Whipping all these distinct areas into a single confection, topped with cream and cinnamon sprinkles does not help our understanding of them. Tax is a technical subject, but tax reform cannot just be left to the experts. It is already part of the agenda of a broader movement for ‘open government’ which calls for more data and shared analysis, to enable informed public debate and effective accountability. And it has been drawn into the agenda on business and human rights.

The state of public debate reminds me of the field of business and human rights, before John Ruggie was appointed as Special Representative in 2005. It is long on outrage and short on analysis, and it lacks a common language to help us understand the complexities and trade-offs. Ruggie started modestly with the initial task of ‘identifying and clarifying’ things, through consultations with all concerned. A similar process of principled, pragmatic, fact-based enquiry and consensus building is needed on the matter of corporate and government responsibilities in taxation.

The International Bar Association’s Human Rights Institute (IBAHRI) has taken a step in this direction, creating a Task Force on Illicit Financial Flows, Poverty and Human Rights with a mandate to conduct research and consultations. Their first report identified four areas of particular concern; transfer mis-pricing, the negotiation of overgenerous tax holidays and incentives, inadequate taxation of natural resources and the use of offshore investment accounts, and asked many good questions, for example;

  • What are the boundaries between legitimate tax planning, illegitimate tax avoidance and illegal tax evasion?

  • Is there a legitimate role for secrecy jurisdictions in the context of an interconnected global economy?

  • What international laws, policies and mechanisms are required to address tax abuses in the 21st century?

  • How do tax abuses prevent developing countries from raising sufficient resources to alleviate poverty and meet the needs of their citizens?

  • How are human rights relevant to these tax matters?

However, their analysis doesn’t get much beyond a balanced but inconclusive reporting of divergent opinions, and ends up falling into the same trap as the NGOs and headline writers, of misinterpreting the big numbers - confusing estimates of illicit capital flows with tax losses, and misattributing them to corporate transfer pricing. The Task Force doesn’t manage to come up with a strong definition on the core question of what is tax abuse, but fall back on the circularity of identifying it with “behaviours that are of greatest concern to stakeholders interviewed”.

Part of the problem I think is that the human rights lens in itself is not useful for untangling the tax debates. It gives moral gravity to the basic statements of why taxation is a serious business, but does not offer an analytical means to determine the difference between tax abuse and legitimate tax planning, or to work out the economic costs of poor tax systems, and the potential impacts of reforms. For that you need tax specialists and economists.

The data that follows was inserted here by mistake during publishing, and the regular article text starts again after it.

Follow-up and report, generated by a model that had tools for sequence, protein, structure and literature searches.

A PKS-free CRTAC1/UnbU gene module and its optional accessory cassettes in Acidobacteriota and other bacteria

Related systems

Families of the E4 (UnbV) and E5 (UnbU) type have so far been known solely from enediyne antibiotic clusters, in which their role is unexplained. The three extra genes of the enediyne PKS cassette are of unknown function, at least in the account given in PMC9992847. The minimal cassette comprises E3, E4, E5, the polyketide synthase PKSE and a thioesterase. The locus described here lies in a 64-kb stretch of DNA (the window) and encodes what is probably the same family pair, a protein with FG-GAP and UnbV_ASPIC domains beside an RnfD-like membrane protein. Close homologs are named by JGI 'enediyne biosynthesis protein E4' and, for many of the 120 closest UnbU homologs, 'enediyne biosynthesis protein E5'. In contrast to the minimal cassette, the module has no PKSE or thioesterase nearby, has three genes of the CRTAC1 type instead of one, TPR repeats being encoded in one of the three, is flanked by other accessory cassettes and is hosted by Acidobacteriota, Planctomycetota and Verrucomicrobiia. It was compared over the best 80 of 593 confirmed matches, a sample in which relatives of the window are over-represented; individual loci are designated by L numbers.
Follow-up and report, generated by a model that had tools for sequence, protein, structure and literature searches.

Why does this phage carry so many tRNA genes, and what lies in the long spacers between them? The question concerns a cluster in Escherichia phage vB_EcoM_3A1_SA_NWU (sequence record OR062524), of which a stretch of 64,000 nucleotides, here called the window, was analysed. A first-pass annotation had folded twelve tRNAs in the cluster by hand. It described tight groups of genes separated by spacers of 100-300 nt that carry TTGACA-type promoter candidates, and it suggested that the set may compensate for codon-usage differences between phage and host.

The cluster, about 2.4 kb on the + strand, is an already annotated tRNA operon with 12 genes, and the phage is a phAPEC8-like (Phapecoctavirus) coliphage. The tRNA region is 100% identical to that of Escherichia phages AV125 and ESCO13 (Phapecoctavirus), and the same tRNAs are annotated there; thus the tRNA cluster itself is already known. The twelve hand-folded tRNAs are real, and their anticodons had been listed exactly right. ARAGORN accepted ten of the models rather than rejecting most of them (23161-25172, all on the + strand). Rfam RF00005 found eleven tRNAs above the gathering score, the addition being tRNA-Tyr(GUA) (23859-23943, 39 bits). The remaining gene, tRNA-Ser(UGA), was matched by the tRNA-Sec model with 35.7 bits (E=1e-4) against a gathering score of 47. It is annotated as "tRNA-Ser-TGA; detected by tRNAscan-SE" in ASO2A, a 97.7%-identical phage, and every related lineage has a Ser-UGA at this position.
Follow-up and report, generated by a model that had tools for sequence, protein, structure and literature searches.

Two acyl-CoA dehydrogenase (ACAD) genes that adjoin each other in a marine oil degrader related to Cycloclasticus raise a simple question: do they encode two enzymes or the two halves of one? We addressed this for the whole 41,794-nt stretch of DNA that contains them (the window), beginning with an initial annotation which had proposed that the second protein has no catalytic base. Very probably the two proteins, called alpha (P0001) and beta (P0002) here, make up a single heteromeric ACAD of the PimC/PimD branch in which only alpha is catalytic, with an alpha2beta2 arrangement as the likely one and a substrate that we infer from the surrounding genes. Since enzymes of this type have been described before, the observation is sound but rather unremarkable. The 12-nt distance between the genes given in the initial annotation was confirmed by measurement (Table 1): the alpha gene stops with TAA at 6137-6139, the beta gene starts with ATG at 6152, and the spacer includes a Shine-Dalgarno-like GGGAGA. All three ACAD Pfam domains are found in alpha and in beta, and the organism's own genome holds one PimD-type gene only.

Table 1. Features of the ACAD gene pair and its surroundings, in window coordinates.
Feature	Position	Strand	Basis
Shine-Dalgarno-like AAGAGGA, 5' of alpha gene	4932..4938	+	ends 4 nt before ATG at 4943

I would love to see a follow up to the IBARHI report which involves a few willing tax advisors, companies and tax campaigners, with economists and human rights lawyers working together in good faith to clarify concepts and data and map out a common ground of basic understanding, which would enable a more informed public debate. The task force could seek to tie down clear common definitions and categories, for example between ordinary-tax-planning-that-no-one-serious-contests and ordinary tax planning-based-on-a-law-that-someone-would-like-changed (there may be snappier titles here…), aggressive tax avoidance, exploitation of complex tax loopholes, and exploitation of poor enforcement (such as lack of transfer pricing rules). Which terms are useful as a basis for analysis and action, and which are not? How do they help us understand the big numbers and tax scandals and the areas of most serious concern? How does what we know about specific areas of tax abuse relate to the various policy recommendations to address it? And what might be their impacts?

For people who have been working on these issues for ages, this may be a frustrating ask. It could just be a delaying tactic by people who want to scupper reforms. Group loyalties on all sides are strong and where particular big numbers or cases have become a core part of the narrative then reexamining them or admitting uncertainties is uncomfortable. It is tempting just to ignore people asking pedantic questions, or accuse them of sticking up for tax avoiders.

But without an informed, non-partisan analysis of the issues and data, non-tax experts – which includes politicians, international development experts, campaigners, funders, and the business and human rights community, as well as regular citizens, are in danger of misinterpreting data, and being driven by inchoate anger and the momentum of the narrative to support policies which we haven’t really been able to assess. That is not the right way to treat serious topics, and it is time for a grown-up approach.